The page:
British The Telegraph has included Saab 9-2X in your choice of “10 surprisingly familar cars you’ve probably never heard of“.
So you’re a car manufacturer, and you’ve decided you need a new model. Problem is, times are tight, and you simply haven’t got the resources to develop the car you need.
The solution is simple: take the already existing car, perhaps from a brand with which you have a tie-up, or maybe even from your own back catalogue. Slap your logo onto it, perhaps spruce it up with a new set of bumpers and headlights, and hey presto – you’ve got your new model.
This kind of badge engineering has resulted in all sorts of alien combinations in overseas markets that might look rather strange to our eyes. The Saab 9-2X is a case in point.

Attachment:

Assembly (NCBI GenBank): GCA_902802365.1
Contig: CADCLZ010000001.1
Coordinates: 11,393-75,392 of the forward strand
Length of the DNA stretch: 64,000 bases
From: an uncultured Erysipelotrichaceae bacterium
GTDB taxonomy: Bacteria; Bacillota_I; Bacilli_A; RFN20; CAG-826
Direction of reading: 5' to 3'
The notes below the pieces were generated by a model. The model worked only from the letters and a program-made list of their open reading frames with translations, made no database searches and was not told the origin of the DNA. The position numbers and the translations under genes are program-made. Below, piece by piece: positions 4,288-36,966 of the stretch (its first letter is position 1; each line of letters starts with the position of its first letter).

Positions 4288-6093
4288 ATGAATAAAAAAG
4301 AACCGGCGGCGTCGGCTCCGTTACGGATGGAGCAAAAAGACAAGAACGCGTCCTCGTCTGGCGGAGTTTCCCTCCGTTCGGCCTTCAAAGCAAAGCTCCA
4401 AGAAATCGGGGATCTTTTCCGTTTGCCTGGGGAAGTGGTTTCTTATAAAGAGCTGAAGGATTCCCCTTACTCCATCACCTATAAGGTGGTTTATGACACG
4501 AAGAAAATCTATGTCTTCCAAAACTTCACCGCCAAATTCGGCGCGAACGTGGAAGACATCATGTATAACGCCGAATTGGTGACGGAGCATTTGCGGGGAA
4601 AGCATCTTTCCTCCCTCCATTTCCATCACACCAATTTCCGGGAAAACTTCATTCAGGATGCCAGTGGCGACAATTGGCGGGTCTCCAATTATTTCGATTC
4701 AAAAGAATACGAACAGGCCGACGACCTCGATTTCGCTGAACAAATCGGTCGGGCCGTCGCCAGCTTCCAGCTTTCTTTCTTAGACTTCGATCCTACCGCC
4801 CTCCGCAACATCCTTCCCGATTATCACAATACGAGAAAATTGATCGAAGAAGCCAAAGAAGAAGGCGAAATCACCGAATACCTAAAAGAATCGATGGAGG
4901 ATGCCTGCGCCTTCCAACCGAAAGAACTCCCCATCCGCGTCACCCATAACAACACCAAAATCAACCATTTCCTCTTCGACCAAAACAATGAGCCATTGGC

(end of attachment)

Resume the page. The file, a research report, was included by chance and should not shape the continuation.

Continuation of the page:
Essentially a small crossover seen by Saab’s owner, General Motors, as crucial for the brand’s success in the USA, it was little more than a Saab front end bolted on to the body of a Subaru Impreza WRX estate.
It was certainly fast and capable – but Saab’s traditional clientele were put off by the blatant badge engineering, and Subaru buyers were, of course, quite happy just to buy the Subaru version. Consequently, the 9-2X only lasted two years.